Within STFC, ISIS is part of the National Laboratories directorate. The National Laboratories provide research facilities and capabilities that, because of their scale, complexity and cost, are appropriately operated as a national research resource. The ISIS pulsed neutron and muon source is the world-leading centre for research in the physical and life sciences. It provides scientists and engineers with a facility to determine the structure and dynamics of materials at the molecular/atomic level, using beams of neutrons and muons.
The Neutron Detector group has a meticulous research and development programme to meet the demands for new radiation detectors at ISIS. At ISIS the properties of any given detector have to be carefully matched to the specific scientific techniques performed on the neutron or muon instrument they serve. The successful student will contribute to this programme, working alongside experienced scientists to develop and evaluate the potential of new detector technologies.
The Neutron Detector Group has two positions available. The first position is the development of detectors for Muon spectroscopy applications. The second position is the development of micro pattern gas detectors for neutron scattering applications.
Within the muon detector section of the group, an extensive development program is underway to deliver detectors for our new SuperMuSR muon spectrometer. This program will be at a key stage where we have to adapt the chosen detector technology to the requirements and constraints of SuperMuSR. Results acquired by the successful candidate will be crucial input for the final detector design.
In the group’s gas detector section, nitrogen filled GEM based detectors are under development for the LOKI beam line at the European Spallation Source in Lund (Sweden). Additionally, 3He filled µRWELL detectors are being investigated for use on ISIS beam lines. The challenge is to successfully process the very small and fast signals from these detectors to achieve the required performance.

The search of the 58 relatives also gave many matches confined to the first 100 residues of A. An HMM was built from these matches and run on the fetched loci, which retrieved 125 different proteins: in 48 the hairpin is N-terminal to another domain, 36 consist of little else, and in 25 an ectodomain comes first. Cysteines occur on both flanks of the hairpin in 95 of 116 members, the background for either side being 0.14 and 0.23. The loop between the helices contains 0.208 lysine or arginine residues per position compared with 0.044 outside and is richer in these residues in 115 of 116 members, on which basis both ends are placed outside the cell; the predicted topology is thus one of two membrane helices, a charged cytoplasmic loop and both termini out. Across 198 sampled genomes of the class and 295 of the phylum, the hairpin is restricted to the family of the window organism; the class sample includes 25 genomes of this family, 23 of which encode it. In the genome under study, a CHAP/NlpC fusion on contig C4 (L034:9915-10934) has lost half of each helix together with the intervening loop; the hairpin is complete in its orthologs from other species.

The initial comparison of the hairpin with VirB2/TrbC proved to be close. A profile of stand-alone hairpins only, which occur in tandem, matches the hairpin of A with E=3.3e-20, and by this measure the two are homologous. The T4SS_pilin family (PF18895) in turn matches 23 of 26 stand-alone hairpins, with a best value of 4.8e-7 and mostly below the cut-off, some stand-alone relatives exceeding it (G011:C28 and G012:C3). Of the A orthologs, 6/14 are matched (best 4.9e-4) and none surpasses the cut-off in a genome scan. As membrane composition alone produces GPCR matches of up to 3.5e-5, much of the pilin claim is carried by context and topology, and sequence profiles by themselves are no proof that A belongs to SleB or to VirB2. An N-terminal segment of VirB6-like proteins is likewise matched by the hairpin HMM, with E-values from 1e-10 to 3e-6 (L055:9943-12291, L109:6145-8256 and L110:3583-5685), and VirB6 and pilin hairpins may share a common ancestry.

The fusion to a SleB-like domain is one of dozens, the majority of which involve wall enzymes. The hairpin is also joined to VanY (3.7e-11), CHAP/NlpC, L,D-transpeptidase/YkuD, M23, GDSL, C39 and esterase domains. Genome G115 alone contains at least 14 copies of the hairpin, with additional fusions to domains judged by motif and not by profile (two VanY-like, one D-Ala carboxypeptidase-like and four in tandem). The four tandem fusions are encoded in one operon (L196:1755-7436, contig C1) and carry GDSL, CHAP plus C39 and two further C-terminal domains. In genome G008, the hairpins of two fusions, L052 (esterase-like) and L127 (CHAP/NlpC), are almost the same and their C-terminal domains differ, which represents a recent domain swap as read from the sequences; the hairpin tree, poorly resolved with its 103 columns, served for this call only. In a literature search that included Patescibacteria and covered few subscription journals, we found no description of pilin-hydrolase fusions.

The successful candidates will investigate methods to produce detectors with the required performance and at an acceptable cost. This is typically done by designing and constructing a number of small prototype detectors, experimentally determining the characteristics of these detectors and optimising the design in our suite of laboratories. Detector characteristics that will be measured include: detection efficiency, gamma sensitivity, intrinsic detector background, detector resolution and count-rate capability. At the end of the project a prototype detector will be built to verify the performance on a more realistic scale. A successful detector will be awarded beam time on an ISIS instrument.
The successful candidates will be responsible for carrying out the experimental programme, with both hands-on experimental responsibilities as well as data analysis tasks. Help and advice will be provided by the supervisors. You are also encouraged to present the results of your project in regular meetings with your line manager and in section meetings.
Knowledge, Skills and Experience
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